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Cost–benefit review

The following Table 1 is a summary of the costs and estimated benefits of tank farming of fish in Nigeria. This is based on costs for a single 16m2 tank with a fish production cycle of six months.

Although the aquaculture industry in Nigeria is still subject to input price fluctuations, the industry continues to expand. With a number of technical assistance projects focused on capacity building, skills continue to be developed to support the industry and strengthen the value chain. The industry was led by the establishment of intensive fish hatcheries and delivery of quality fish feeds through imports or greatly improved local production including extruded, floating fish feeds. Professional associations have also evolved to drive the industry with wider participation in the value chain as with training programmes, certification of technical consultants and quality control of fish seed and feeds. The value chain for input supplies has become very broad in a short time period, with many suppliers of fish seed

and feeds. The wide variety of input suppliers has increased competition and resulted in cost savings that are passed on to farmers and the potential ability for expanding into wider markets. Veterinary services for the identification and treatment of diseases and parasites remain a weak area, but this is slowly being addressed as are issues concerning environmental management. While farms have not so far had issues of environmental impact, most have limited areas (,10ha) and varying levels of release of eutrophic waters. As the sector matures and as input prices rise and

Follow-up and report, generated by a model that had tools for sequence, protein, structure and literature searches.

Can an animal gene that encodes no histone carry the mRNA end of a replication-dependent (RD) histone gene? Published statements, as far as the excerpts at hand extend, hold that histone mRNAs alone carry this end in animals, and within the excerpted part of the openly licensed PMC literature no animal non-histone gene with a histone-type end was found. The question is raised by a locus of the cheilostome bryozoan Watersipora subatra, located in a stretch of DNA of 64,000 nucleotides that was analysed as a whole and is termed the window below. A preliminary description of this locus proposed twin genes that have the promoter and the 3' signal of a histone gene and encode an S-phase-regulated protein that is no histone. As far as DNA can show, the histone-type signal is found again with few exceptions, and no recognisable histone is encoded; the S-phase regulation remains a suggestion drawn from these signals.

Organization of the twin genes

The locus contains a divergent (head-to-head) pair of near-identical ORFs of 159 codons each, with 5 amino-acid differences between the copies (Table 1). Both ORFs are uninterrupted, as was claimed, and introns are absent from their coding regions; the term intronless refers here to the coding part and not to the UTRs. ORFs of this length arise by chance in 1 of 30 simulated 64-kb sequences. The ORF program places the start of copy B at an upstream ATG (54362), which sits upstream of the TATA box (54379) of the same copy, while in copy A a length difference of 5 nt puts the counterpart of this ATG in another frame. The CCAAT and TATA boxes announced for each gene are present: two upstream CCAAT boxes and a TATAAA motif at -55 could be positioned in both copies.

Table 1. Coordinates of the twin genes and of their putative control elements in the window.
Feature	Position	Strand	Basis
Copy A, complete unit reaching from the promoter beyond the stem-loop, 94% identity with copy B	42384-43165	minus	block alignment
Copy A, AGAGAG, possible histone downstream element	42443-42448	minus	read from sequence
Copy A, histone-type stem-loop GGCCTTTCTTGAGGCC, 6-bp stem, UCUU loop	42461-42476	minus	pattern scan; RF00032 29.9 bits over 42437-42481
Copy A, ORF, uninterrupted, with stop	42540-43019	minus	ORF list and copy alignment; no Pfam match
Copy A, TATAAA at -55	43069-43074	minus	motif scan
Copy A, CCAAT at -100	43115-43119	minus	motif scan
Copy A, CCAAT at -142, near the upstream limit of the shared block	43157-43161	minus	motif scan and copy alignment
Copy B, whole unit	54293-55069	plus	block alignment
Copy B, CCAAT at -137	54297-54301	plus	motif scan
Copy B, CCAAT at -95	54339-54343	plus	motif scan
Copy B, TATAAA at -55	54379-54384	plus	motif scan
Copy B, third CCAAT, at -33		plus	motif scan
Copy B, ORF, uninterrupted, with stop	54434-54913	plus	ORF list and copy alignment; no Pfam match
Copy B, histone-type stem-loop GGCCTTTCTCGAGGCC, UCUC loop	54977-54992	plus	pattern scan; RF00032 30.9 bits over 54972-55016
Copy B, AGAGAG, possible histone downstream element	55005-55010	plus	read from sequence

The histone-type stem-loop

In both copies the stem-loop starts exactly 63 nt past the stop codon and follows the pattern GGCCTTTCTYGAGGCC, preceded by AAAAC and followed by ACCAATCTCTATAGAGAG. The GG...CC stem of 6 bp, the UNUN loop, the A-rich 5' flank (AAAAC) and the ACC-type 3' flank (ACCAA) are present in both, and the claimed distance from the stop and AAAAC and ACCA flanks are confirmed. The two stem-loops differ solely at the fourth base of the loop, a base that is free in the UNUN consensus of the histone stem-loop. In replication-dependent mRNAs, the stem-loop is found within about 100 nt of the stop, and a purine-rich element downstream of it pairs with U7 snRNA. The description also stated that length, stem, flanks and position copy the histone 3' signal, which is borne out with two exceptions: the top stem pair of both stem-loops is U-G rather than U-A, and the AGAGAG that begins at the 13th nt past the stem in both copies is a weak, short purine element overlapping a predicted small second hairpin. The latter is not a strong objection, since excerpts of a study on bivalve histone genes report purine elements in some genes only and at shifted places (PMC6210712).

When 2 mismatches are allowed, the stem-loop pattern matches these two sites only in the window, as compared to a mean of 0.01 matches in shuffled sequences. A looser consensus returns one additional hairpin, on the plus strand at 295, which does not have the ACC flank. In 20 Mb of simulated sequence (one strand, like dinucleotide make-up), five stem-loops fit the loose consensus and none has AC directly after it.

market values settle or fall, the commercial resilience of the industry is to be tested. To date, it has accommodated these challenges through efficiency improvements, and in a competitive environment, more successful producers appear to be emerging and may assume a greater share of national output. The ecosystem resilience of these systems so far shows little constraint, although if the industry expands, suitable locations with adequate environmental capacity may become a constraint. Socially, these systems appear to be providing a valuable source of income diversification, and may in the future become a notable source of youth employment.